Research also shows students are less aggressive and disruptive
FRIDAY, May 14 (HealthDay News) -- Parental involvement in a child's elementary school experience leads to fewer problem behaviors and better social skills among offspring, new research suggests.
"The study shows that parents continue to wield considerable influence on children's development through elementary school," the University of Pittsburgh research team said in a news release.
The finding, reported in the May/June issue of Child Development, is gleaned from a behavioral analysis of more than 1,300 primarily white children across 10 American cities. All the children had been tracked from birth through fifth grade, as part of the larger "Study of Early Childcare and Youth Development."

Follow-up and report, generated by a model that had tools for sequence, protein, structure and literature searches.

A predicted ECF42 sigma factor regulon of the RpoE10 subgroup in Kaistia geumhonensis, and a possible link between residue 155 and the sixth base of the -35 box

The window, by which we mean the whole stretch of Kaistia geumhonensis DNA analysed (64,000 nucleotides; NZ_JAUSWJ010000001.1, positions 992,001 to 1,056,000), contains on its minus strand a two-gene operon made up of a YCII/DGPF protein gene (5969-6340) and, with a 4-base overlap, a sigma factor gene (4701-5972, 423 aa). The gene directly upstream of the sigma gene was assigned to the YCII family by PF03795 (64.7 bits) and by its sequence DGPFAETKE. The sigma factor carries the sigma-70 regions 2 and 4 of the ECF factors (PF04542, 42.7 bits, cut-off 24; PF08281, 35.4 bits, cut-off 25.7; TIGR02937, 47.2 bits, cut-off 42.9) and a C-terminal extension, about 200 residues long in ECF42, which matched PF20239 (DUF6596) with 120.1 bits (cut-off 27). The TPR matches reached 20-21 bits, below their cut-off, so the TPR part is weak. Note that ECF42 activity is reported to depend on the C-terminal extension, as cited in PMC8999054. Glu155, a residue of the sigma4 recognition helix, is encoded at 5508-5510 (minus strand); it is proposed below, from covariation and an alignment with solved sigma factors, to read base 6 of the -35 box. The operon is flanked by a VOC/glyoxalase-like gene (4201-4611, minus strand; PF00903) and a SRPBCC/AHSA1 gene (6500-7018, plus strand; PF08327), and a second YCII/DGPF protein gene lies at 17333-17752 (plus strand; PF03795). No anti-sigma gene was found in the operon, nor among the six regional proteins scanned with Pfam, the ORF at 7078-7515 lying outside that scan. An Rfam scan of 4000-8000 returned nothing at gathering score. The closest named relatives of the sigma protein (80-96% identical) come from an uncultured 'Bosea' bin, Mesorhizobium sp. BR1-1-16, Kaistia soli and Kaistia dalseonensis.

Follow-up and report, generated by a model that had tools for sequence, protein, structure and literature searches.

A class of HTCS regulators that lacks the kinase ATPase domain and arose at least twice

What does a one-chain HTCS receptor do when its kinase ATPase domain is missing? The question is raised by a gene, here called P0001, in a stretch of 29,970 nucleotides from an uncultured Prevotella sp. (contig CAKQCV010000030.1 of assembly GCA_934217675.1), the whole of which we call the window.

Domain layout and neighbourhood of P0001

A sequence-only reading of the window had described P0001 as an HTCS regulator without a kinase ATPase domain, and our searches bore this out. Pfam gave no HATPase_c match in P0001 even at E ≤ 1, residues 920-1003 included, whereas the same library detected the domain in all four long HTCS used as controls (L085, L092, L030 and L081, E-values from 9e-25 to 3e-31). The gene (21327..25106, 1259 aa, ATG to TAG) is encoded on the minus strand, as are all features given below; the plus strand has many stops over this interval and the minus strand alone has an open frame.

The research team found that parents who increased school visitations and encouraged educational progress at home saw their child's social skills improve. Among other things, students showed more self-control and cooperative behavior.
At the same time, the more parental involvement the less children tended to engage in aggressive and/or disruptive behaviors. In addition, children were less likely to be either depressed or anxious.
Yet parental involvement was not found to have any impact on a child's academic achievement. The study team suggested, however, that the reason such an association might not have appeared evident could be because the analysis did not focus on parental involvement that specifically targeted a child's academic performance.
For more on childhood development and parental involvement, visit PBS.
-- Alan Mozes
SOURCE: Society for Child Development news release, May 14, 2010
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